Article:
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Illustration: Aïda Amer/Axios

Microsoft said Tuesday it is working with chipmakers AMD, Intel and Qualcomm to bring a new security processor to Windows machines. Dubbed Pluton, the security chip is based on work done for the Xbox One and designed to bring an added layer of security.

Why it matters: A number of difficult-to-patch chip flaws in recent years have left computers vulnerable to attack. It also comes as many of the biggest tech companies, including Apple, Google, Microsoft and Amazon, are increasingly designing their own silicon to augment traditional processors.

How it works: Designed by Microsoft, the Pluton module would actually go inside the main processor made by Intel, AMD and Qualcomm and expands on an existing security approach, known as the Trusted Platform Module, that is already found in modern PCs.

  • The Trusted Platform approach relies on a small separate chip known as the TPM. Microsoft said it can achieve even greater security with Pluton by integrating the security function directly into the PC’s main processor.

Between the lines: Apple has been expanding its silicon as well, and includes a roughly similar security chip, called the T2, that has been added into recent Macs.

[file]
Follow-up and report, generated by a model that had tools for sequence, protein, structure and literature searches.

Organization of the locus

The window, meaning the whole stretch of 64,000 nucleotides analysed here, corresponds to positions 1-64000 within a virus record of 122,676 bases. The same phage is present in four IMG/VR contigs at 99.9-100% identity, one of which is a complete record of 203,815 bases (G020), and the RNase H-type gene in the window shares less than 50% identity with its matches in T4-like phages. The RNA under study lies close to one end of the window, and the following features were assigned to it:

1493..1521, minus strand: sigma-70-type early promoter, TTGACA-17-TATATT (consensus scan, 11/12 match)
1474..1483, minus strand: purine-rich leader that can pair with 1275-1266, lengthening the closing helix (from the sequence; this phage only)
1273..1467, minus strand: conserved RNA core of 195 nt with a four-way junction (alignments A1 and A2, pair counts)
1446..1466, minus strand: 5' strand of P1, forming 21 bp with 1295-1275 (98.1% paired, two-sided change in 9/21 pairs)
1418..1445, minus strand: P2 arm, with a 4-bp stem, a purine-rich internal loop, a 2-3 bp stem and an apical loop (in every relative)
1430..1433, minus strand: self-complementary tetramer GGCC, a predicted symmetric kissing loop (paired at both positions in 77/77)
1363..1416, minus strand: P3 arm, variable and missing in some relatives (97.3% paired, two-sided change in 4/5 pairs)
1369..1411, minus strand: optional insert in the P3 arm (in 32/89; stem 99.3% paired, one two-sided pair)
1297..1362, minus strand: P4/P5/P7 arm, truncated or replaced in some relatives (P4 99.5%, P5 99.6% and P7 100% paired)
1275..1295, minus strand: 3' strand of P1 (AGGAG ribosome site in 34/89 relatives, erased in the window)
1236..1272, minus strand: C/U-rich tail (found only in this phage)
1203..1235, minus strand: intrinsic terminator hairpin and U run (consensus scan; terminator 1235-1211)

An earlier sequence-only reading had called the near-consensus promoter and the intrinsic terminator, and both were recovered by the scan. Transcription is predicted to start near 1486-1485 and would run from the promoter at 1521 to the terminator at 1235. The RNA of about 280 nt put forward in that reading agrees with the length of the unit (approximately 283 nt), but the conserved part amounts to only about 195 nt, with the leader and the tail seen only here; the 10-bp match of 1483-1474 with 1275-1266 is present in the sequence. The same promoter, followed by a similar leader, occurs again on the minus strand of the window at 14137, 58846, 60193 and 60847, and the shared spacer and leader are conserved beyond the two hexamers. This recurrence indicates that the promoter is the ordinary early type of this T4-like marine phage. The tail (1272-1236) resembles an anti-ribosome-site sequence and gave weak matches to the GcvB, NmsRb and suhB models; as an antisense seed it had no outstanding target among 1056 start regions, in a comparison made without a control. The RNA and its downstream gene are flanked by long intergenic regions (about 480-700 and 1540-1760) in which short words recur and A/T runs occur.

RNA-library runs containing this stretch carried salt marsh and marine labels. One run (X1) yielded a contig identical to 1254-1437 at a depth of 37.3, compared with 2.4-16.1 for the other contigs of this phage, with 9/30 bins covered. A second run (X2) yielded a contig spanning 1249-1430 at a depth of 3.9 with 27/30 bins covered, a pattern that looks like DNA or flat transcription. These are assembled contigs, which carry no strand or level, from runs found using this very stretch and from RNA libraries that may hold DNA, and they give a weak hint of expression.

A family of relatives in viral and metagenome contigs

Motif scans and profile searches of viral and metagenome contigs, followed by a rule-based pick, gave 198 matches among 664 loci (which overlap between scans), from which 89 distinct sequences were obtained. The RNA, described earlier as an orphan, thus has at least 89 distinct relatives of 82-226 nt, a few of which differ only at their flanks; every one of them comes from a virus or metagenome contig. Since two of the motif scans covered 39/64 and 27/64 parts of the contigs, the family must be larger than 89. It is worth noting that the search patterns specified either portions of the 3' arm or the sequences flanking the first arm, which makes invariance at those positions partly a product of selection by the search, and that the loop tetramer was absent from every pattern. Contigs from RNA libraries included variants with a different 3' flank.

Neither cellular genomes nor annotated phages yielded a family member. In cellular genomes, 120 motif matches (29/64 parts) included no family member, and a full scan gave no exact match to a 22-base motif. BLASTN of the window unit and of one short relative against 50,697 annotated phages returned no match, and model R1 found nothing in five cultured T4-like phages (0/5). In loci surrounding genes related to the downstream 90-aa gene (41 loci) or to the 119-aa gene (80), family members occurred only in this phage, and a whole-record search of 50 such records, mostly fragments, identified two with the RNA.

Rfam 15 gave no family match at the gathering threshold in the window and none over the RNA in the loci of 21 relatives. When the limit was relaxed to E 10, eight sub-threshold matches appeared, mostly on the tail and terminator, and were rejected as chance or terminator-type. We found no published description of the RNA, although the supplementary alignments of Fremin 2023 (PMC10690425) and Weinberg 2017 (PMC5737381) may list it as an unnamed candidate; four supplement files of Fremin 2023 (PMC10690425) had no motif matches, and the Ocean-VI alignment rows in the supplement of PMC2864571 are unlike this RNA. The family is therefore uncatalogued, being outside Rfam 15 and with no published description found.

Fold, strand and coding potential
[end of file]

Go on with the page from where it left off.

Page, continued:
• Of course, Apple has now taken things a step further, using its own processor to power the Mac, starting with the M1-based Mac mini, MacBook Air and MacBook Pro that ship this week.
  • Yes, but: Researchers found a flaw in Apple's T2, so the existence of such additional security processors is not a panacea.

What's next: Expect to see more chip work from Microsoft, as well as the other Big Tech companies, as they look for greater control over the hardware in their ecosystems.

Go deeper

Ina Fried, author of Login
Nov 23, 2020 - Technology

Lynn Conway, transgender and tech pioneer, gets IBM apology

Photo by Jeremy Moeller/Getty Images

IBM last month offered a public apology to Lynn Conway, a pioneering computer scientist whom the company fired in 1968 when it learned of her gender transition.

The big picture: Conway broke new ground in both tech and transgender rights, and IBM's apology, first reported in Forbes, came with a Lifetime Achievement Award.

1 min ago - World

Israeli parliament opts for early elections in preliminary vote

Netanyahu (C) arrives in parliament today. Photo: Alex Kolomiensky/Pool/AFP via Getty

After six months of a dysfunctional power-sharing government, Israel is headed for its fourth elections in less than two years, most likely at the end of March.

Driving the news: The Knesset voted 61-54 today to approve the preliminary reading of a bill to dissolve the parliament and call new elections. Benny Gantz's Blue and White party supported the bill while Prime Minister Benjamin Netanyahu's Likud and the rest of the coalition voted against.

1 hour ago - Sports

The end of COVID’s grip on sports may be in sight

Illustration: Aïda Amer/Axios

Packed stadiums and a more normal fan experience could return by late 2021, NIAID director Anthony Fauci said yesterday.

Why it matters: If Fauci's prediction comes true, it could save countless programs from going extinct next year.